- It would have to be organic, we would have to know where our meat was coming from.
- When the kids got old enough, we would take them to the farm so they could understand where their food really came from.
This conversation left me wondering: Could we actually raise a child on a plant-based diet? Has it been done before? Can we, as humans, get enough protein from plant sources sufficient enough to sustain optimal health?
The wheels were turning. I turned to my trusty Google search engine and began typing. The evidence was there. It can be done, but I needed to know more. In my search, I came across Netflix documentary, “What the Health.”
It was the first Vegan-biased documentary I’d seen that highlighted the health aspects of a plant-based diet, rather than illustrate the cruelty and suffering inflicted on animals in the factory farming industries and the impact it has on our planet.
"Would we be raising our kids as omnivores, or would they eat plant-based?"
Don’t get me wrong, I care about the well-being and treatment of all living creatures, as well as reducing our carbon footprint, but reducing the likelihood of contracting cancer, heart disease, and other chronic illnesses resonates with me more. This is especially personal for me, having lost both of my parents at reasonably young ages.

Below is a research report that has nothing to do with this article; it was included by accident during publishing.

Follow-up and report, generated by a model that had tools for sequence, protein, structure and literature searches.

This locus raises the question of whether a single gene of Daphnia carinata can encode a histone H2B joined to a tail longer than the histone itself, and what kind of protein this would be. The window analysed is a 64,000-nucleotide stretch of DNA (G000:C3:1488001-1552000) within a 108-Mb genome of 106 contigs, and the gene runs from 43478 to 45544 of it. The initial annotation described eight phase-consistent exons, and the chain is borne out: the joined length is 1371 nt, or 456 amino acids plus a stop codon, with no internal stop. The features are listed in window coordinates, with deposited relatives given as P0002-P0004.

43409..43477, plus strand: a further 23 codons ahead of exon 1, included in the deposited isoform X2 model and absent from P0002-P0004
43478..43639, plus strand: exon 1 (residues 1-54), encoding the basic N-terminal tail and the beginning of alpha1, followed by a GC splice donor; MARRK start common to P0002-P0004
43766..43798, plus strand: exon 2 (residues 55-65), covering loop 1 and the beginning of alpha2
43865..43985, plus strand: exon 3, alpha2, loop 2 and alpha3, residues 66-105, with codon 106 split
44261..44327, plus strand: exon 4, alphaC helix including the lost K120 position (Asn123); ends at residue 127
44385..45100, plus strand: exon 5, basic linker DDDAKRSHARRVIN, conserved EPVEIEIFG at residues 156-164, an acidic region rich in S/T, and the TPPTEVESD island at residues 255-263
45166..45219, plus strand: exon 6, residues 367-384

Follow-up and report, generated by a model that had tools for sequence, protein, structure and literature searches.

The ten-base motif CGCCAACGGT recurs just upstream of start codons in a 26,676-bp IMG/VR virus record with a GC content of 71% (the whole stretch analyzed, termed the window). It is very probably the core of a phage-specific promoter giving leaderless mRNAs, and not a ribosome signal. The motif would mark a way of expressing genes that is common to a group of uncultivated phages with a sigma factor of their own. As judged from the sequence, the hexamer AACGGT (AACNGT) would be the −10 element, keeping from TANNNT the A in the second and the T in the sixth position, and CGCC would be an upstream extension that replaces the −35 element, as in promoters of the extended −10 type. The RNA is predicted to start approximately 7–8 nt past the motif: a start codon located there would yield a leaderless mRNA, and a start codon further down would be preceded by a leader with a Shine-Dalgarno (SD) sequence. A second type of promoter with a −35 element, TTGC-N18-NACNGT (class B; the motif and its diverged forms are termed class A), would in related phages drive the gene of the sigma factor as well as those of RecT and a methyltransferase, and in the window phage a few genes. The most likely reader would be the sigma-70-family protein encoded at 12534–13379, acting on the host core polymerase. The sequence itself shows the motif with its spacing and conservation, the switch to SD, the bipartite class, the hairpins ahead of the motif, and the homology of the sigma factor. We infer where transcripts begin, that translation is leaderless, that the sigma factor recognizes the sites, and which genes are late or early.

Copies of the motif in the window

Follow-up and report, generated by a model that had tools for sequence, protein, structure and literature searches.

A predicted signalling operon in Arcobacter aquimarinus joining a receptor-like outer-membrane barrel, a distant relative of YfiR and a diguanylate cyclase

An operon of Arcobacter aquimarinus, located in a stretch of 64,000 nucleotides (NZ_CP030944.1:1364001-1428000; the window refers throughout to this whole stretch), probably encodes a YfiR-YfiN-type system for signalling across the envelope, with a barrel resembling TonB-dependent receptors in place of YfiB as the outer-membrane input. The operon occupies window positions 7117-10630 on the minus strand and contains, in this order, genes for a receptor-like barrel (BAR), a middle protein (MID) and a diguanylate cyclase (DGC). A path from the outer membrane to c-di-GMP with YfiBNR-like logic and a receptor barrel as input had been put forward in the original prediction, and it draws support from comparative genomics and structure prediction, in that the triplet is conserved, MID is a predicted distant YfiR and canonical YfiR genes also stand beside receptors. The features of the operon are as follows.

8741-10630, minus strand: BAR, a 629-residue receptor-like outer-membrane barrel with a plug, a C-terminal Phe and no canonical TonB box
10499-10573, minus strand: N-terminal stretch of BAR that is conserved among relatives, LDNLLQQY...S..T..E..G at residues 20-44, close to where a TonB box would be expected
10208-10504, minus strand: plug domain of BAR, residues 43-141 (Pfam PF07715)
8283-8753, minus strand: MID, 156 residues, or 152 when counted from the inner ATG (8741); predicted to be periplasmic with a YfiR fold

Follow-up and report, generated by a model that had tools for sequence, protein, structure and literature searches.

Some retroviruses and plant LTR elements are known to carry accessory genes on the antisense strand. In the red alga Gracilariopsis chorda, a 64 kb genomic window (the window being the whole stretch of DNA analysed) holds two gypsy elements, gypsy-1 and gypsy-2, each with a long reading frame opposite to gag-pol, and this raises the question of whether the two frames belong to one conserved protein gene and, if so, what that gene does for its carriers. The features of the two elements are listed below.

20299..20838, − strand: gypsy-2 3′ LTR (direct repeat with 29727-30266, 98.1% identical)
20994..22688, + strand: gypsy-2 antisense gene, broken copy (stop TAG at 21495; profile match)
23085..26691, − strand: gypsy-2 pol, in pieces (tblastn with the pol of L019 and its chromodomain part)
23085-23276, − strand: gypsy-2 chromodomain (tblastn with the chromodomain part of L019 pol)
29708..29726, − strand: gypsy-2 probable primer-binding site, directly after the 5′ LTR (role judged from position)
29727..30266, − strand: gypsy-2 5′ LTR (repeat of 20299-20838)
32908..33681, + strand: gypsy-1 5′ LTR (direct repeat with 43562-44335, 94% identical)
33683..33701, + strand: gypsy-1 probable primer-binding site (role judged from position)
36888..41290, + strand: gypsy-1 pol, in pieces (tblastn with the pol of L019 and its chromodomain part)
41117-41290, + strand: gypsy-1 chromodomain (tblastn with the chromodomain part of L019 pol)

Although I genetically carry the risk of heart disease, I could still lessen the likelihood through diet, fitness, and my overall lifestyle approach. Watching documentaries and seeing others change their lives was just a tease. I wanted more. I needed more.
Finally, I decided to be my own test subject, diving into veganism. Originally, I gave myself a two to three week timeframe to see the changes. After only three weeks, I had already started to reap the benefits. I felt what I had often read about in testimonials online, so I decided to continue on this journey. July 4th will mark my one year anniversary of living a plant-based lifestyle.
So what are my findings so far? Below, a list of the changes I’ve seen and felt since taking this on. Bonus, my fiancée and I are more connected than ever, and when we do have our children, the decision will be simple: plant-based all the way.
- My skin has cleared up. I suffered with adult acne (cystic) for the last few years, but since taking on this way of eating my skin has never looked better.
- Quick recovery time. I recover a lot faster from my workouts; muscle and joint soreness virtually disappeared.
- I got leaner. I lost a little bit of stubborn fat right away, and I got leaner without losing any weight.
- Better, more frequent bowel movements. Personally, I didn’t think I had any issues in the past with expelling waste from my body, but since giving up animal products I go to the washroom more frequently, expelling a lot more waste and in turn feeling a lot lighter.
Switching to a plant-based diet is a journey but if I can do it, with my background, anyone can. I like to think of it like learning a new language, spend a little bit of time everyday putting in the work and eventually you’ll be fluent.